Last year was a big year for Alexander Wong Architects: the firm and the founder won 10 awards between them. The designer talks to Tamsin Bradshaw about the wins, film, time travel and more.
Expect the unexpected with Alexander Wong. A conversation with the architect and founder of Hong Kong-based Alexander Wong Architects always goes in fascinating and unanticipated directions: you might be talking about architecture and then suddenly find yourself in a discussion about King Henry VIII, Marilyn Monroe or wormholes, and you may wonder how you got there.
For Wong, however, many of these things are interlinked. Rest assured that every project Wong works on is multi-layered, with hidden messages and level upon level of meaning that comes back to films like Avatar, Interstellar, As Tears Go By and Ex Machina, or to hypnosis, mind control or significant moments in history.
Even if you just take his works at face value, they are technically precise, creative and unique. No wonder, then, that his firm received four awards at the prestigious International Property Awards 2015 in London: Golden Eye, a residence in China for Henderson Land, won Best International Interior Design Show Home and Best Interior Design Show Home Asia Pacific; the Hong Kong De Rucci Bespoke store won Best International Retail Interior and Best Retail Interior Asia Pacific. The firm was also named one of Hong Kong’s Most Valuable Companies at Mediazone’s awards, and AD China listed it as one of the Top 100 Architectural and Design Talents in Asia.
But Wong isn’t one to rest on his laurels: he and his tireless team are hard at work on new projects in China, India and elsewhere. Here, Wong talks about what’s on the cards for 2016 and beyond.
Congratulations on all the awards you won last year. What do they mean to you?
It’s an indicator that our work has reached a certain standard on the international arena, and particularly in real estate. There were at least 200 firms at the awards in London. Because of my background, and because we are from Hong Kong – where the focus is on finance and law and real estate – I feel these awards actually strengthens our position in the design world.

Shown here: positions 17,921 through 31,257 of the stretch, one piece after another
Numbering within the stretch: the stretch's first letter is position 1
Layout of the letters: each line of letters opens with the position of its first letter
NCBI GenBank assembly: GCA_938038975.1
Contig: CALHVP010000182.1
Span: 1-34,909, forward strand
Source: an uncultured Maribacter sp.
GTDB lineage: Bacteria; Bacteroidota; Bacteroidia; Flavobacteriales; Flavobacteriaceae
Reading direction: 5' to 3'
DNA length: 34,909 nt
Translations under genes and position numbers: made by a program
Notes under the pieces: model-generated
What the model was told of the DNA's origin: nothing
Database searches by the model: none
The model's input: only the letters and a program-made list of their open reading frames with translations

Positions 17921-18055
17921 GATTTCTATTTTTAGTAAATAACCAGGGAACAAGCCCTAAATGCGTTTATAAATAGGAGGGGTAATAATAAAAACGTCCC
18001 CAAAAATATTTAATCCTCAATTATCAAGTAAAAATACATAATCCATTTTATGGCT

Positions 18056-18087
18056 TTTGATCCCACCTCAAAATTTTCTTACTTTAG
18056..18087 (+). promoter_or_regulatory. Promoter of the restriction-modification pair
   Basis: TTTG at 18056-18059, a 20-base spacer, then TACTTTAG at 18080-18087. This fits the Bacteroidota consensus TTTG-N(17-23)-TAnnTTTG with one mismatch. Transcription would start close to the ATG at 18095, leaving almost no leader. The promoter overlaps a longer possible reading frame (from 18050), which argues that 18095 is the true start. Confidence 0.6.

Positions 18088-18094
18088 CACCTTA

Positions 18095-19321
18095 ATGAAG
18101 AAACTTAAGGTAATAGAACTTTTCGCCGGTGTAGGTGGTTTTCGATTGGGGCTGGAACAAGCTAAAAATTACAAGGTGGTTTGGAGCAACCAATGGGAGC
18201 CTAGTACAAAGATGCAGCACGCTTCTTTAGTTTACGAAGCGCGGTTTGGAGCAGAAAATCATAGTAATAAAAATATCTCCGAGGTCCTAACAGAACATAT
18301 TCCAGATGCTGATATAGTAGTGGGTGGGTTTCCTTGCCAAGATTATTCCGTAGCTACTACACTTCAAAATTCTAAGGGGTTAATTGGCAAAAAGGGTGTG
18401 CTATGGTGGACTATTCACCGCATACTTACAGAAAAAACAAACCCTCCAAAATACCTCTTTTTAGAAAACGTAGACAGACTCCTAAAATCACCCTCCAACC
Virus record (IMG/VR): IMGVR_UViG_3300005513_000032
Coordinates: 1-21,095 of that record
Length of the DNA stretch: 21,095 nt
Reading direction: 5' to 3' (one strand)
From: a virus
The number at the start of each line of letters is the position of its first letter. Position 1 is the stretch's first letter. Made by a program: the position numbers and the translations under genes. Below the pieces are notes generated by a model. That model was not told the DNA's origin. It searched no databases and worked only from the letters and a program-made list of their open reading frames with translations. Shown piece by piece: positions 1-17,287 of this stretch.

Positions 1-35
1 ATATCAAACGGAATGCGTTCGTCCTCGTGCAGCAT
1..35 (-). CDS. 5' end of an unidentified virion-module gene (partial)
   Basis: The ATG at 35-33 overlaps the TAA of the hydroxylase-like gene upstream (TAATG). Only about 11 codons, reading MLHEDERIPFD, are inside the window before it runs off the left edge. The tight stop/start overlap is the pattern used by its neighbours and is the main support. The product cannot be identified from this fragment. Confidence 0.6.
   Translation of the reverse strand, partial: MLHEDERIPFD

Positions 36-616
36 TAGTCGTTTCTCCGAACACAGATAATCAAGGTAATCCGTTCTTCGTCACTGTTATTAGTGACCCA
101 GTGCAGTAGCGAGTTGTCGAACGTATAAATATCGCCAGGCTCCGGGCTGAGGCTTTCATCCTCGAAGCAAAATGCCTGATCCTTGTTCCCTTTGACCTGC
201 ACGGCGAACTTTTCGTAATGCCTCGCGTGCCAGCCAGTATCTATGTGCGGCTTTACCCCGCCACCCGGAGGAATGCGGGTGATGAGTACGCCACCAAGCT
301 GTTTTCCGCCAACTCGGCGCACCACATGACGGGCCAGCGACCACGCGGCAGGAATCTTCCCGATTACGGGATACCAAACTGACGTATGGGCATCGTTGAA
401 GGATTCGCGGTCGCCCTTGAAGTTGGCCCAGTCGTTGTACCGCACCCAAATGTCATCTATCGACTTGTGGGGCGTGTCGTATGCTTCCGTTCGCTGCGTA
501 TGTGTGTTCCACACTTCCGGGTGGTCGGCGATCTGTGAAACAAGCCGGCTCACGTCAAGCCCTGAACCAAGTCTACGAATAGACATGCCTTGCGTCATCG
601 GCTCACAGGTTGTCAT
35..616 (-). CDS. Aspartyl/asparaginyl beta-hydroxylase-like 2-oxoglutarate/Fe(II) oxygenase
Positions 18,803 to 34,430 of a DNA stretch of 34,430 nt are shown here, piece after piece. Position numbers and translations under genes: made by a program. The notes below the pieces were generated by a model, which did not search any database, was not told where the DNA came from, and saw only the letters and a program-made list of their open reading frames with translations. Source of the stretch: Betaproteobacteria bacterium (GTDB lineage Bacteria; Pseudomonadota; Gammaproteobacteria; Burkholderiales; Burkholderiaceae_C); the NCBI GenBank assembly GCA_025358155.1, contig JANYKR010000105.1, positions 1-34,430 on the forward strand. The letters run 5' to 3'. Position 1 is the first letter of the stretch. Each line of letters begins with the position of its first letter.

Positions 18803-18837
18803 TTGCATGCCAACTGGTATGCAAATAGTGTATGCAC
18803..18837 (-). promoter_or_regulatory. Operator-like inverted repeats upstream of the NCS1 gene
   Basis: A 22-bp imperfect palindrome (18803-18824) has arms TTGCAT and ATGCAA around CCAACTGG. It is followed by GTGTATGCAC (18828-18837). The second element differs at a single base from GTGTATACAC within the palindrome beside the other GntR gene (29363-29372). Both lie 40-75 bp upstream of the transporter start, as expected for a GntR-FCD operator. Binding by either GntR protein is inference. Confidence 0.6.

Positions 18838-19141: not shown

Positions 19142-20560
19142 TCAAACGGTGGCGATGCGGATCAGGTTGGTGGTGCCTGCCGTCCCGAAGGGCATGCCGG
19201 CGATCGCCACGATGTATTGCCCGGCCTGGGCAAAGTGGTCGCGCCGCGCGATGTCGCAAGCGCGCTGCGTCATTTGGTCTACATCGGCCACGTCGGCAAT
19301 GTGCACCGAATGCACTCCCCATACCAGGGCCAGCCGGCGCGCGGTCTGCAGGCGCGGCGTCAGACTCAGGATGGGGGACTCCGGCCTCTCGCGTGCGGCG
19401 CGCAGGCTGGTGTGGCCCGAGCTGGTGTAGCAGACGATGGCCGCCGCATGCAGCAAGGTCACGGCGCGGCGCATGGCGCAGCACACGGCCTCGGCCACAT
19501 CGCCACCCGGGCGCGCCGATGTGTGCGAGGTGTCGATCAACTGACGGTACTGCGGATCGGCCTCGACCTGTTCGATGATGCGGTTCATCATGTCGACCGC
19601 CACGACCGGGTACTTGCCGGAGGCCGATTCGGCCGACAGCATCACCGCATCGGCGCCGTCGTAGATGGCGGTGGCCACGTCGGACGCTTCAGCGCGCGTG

What’s your firm’s USP?
There are a lot of hidden messages in our work, and it’s about mind control. We’re promoting innovation in our firm: we do innovation with sensuality and practicality. I think we’re also quite different because we don’t buy into postcolonialism… or at least, we repackage and consider what that’s all about.
Last year, you also worked on SOGO CLUB for SOGO department store in Causeway Bay – tell us about that project.
It consists of rows of hanging shelves. We used katana shelves because they bend like the katana sword [Japanese sword historically used by samurai].
This project is actually called Interstellar – it’s about time travel. It’s inspired by the tesseract fifth-dimension scene in the film Interstellar – that set wasn’t CGI. It was the most expensive set, they built the whole structure, and it was a really complicated piece of filming.
That film was really quite clever. But when Cooper arrived at that planet, seeing Amelia Brand, how old would he have been? And how old would she be? They never answered that question. It depends on the gravitational force of the planet. But if the g [gravitational force] were very high, your body would collapse. Our bone structure would not be able to withstand that.
Tell us about the cinema projects you’re working on off the back of Cinema Futura.
Before, our clients were a bit scared of the idea. Now they’re beginning to understand what it is [about]. They like the extreme design of it – it’s a theme park.
We’ve also done Cinema Carmen Future in Mongkok – people really seem to respond to this one. It’s based on the films of Wong Kar-wai, particularly As Tears Go By, or Mongkok Carmen, with Andy Lau. The cinema is all about hypnosis, you can see the numbers: 3, 2, 1… wake up.
We’re about to complete Cinema Beyond Future in Wuhan, Cinema Exotica in Shanghai, and Cinema White Futura in Shanghai. For Cinema Beyond Future, we sought out the feel of Ex Machina. We did a lot of research to create this look. [One thing I like about it is] this big mirror on the wall, it’s broken up by the pi symbol. Pi is also how you divide all the segments of the mirror.
What else are you working on?
We’re doing a mega exhibition hall in Heng Qin, near Macau, for Lai Sun Group. And we’re upgrading all the bathrooms at Pacific Place’s offices. For that project, we spent a lot of time working out this system that is functional, futuristic, stylish and practical. Everything is dimensionally coordinated, and everything is made using man-made materials, which can easily be cleaned.
Alexander Wong Architects